The skeleton crew : how amateur sleuths are solving America’s coldest cases

From  Andrea Kalinowski

Author:  Deborah  Halber

Title:  The skeleton crew : how amateur sleuths are solving America’s coldest cases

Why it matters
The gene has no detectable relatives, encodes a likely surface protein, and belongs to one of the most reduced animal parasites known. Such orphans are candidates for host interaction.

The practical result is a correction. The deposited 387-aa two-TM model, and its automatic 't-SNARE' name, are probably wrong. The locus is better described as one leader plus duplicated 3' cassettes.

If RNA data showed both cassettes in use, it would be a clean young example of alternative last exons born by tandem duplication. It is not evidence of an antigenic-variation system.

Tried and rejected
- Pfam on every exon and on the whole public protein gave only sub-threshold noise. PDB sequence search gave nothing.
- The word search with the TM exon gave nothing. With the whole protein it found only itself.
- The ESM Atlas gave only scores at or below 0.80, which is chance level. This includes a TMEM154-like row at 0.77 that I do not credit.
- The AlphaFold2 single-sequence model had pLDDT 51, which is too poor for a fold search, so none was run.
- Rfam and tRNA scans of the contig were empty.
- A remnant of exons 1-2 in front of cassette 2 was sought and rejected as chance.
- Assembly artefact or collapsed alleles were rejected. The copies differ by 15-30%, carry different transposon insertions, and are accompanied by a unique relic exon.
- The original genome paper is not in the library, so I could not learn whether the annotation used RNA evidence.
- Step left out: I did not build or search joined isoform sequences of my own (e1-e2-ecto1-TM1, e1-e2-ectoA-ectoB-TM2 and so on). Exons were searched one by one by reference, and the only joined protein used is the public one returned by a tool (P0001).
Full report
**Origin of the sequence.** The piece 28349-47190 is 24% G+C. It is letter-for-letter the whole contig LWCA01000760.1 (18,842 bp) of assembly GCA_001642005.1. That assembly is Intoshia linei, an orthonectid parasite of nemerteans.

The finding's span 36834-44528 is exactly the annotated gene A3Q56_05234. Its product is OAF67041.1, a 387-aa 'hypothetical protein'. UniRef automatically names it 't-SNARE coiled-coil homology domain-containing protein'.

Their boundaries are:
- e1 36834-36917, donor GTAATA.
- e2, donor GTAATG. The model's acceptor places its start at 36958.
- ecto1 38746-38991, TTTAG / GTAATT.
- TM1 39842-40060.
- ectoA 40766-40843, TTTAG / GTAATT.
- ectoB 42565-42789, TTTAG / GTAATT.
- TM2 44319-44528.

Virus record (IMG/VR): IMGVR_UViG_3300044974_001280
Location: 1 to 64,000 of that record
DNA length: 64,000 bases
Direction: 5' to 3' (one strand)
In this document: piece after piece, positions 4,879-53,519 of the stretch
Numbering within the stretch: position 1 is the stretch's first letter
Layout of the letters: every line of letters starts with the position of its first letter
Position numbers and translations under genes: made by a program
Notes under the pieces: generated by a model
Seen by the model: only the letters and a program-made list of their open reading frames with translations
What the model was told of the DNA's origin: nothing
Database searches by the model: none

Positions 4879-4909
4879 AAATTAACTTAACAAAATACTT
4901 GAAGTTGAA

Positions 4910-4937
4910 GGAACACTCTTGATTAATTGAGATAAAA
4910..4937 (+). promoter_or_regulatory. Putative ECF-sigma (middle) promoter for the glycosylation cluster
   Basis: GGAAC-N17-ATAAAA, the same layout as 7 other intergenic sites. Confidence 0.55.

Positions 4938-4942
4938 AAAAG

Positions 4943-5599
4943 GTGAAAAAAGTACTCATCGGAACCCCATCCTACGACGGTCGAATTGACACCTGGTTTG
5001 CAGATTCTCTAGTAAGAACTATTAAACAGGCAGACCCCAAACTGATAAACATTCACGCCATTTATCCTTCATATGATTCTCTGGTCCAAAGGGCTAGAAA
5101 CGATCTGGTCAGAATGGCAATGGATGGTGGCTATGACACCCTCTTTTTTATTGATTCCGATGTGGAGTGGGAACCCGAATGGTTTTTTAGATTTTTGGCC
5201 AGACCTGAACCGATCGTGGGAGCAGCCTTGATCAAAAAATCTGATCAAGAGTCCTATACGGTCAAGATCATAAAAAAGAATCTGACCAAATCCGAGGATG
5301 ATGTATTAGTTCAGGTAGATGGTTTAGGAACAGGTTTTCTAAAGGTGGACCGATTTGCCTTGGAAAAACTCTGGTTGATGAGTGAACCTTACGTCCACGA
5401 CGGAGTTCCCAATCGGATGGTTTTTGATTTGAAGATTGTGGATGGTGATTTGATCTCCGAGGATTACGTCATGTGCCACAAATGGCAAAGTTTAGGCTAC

I recently finished reading The Skeleton Crew: how amateur sleuths are solving America’s coldest cases by Deborah Halber. This book offered a fascinating insight into the world of the unidentified and missing and how a slew of amateurs are seeking to identify and reunite them with their families. The amateur sleuth is drawn to the search for a variety of reasons, ranging from a search for their own  missing loved one to pure altruism. I cannot fathom how the number of UID (Unidentified Dead) can be so high but it is estimated to be around 40,000 people. One of the reasons that the number is so high is that the little slip of paper known as a Driver’s License is easily lost, misplaced, or forgotten if perhaps one is intending only to run a quick errand. If this paper is not with the individual and some misadventure befalls the individual, it falls to the police to attempt identification. A tool to aid the police in clearing the backlog of UID is to have a website for law enforcement and the public to peruse if they are looking for a match to a missing person. In addition to national databases, many states have their own state websites for the Unidentified Dead. Pets are equipped with microchips and human beings are not. Now, just imagine how much this simple procedure would influence the number of UIDs. The Doenetwork.org, NamUS.gov, and many more exist out there. One only needs to use the search term “unidentified dead” and you will be inundated with sites on which you can expend and hone your sleuthing energies.

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